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How Does Being Evicted Affect Your Credit?

Susan Kelly

Mar 31, 2023

When you sign a lease to rent a property, you legally agree with your landlord to pay rent on time and follow the lease terms. But money or personal problems can make it hard to meet these obligations. If you can't pay your rent or break the lease rules, your landlord may start eviction to get you out of the house. One thing that can happen if you are kicked out of your home is that it could hurt your credit score. When a credit bureau hears about an eviction, it can appear on your credit report for up to seven years. This bad thing on your credit report could make it harder for you to rent a new place or get credit in the future.

Credit Scores: How They Work

Before discussing how being kicked out of your home can hurt your credit score, knowing how credit scores work is essential. Based on a person's credit history, their credit score is a number that shows their creditworthiness. They are used by lenders, landlords, and other groups to decide if a credit application should be approved and what interest rate to offer. Credit scores usually range from 300 to 850, with higher scores showing that a person is more creditworthy.

How Evictions Affect Your Credit Score

Getting kicked out of your home can hurt your credit score in multiple ways.

Late Rent Payments

The most common way an eviction hurts your credit score is by making you pay your rent late. If you can't pay your rent on time, your landlord might tell the credit bureaus about it. Your credit report can show late payments for up to seven years, and each one can lower your score by up to 100 points.

Accounts For Collection

If you get kicked out of your flat, your landlord might send your unpaid rent to a collection agency. The debt will then be reported to credit bureaus by the collection agency, hurting your credit score. Collection accounts can hurt your credit score by as much as 100 points and stay on your credit report for up to seven years.

Public Documents

Sometimes, a landlord may sue a tenant for not paying rent or breaking the lease terms. If the landlord wins the case, a judgment will be made against the tenant, and everyone can see it. Public records can stay on your credit report for up to seven years and lower your score by up to 200 points.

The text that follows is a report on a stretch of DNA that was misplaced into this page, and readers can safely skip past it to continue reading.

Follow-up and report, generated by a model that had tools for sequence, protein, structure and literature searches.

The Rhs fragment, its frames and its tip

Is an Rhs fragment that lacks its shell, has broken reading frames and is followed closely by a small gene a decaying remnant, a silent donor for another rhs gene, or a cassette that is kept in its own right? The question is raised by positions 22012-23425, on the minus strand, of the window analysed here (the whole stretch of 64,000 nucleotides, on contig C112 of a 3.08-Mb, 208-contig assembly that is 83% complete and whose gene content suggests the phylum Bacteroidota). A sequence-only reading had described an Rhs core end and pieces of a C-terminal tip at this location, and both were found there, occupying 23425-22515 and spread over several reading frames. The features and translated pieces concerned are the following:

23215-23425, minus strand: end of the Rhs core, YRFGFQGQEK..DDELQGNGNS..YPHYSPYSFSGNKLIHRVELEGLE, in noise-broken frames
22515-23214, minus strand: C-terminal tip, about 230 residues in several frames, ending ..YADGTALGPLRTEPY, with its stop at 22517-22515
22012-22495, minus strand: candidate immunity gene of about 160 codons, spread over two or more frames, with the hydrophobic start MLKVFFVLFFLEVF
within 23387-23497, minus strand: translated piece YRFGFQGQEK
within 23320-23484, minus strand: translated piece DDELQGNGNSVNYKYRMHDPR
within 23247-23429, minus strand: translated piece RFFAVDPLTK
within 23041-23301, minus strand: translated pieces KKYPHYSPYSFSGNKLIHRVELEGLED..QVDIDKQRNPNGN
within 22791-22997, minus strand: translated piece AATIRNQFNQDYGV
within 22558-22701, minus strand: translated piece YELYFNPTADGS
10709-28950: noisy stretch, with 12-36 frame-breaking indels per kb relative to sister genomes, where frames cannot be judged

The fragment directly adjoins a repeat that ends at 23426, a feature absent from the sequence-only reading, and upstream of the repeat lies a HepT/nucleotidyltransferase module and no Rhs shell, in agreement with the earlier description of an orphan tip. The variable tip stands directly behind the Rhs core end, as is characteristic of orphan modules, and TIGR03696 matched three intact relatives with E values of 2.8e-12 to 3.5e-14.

How To Mitigate The Damage

If you are going to be kicked out of your home or have already been kicked out, there are things you can do to keep your credit score from going down too much.

On Time, Pay Your Rent.

Paying your rent on time is the most important thing you can do to keep an eviction from hurting your credit score. Talk to your landlord if you can't pay your rent and see if you can set up a payment plan.

Deal With Your Landlord

If your landlord wants to kick you out, try to work something out with them, so you don't have to go to court. You can work out a payment plan or another deal to let you stay in the property.

Pay Any Outstanding Debts

If you still owe money to your landlord, try to pay it off as soon as possible. This will keep your landlord from sending your debt to a collection agency, which can hurt your credit score.

Dispute Any Errors

If your eviction led to mistakes on your credit report, you should tell the credit bureaus about them. They have 30 days to find out what's wrong and fix it.

Conclusion

A bad credit score can be caused by being kicked out of a place, but it's not the end of the world. It's essential to take steps to fix the damage and stop more bad things from going on your credit report. You can improve your credit score by paying your rent on time, negotiating with your landlord, paying off any debts you still owe, and disputing any mistakes on your credit report. Building good credit takes time and work, and being kicked out of your home shouldn't end your financial future. You can fix your credit and get back on track financially if you work hard, don't give up, and act responsibly with your money. So, if you are facing eviction, don't give up hope. Instead, take action and make a plan for what to do next.


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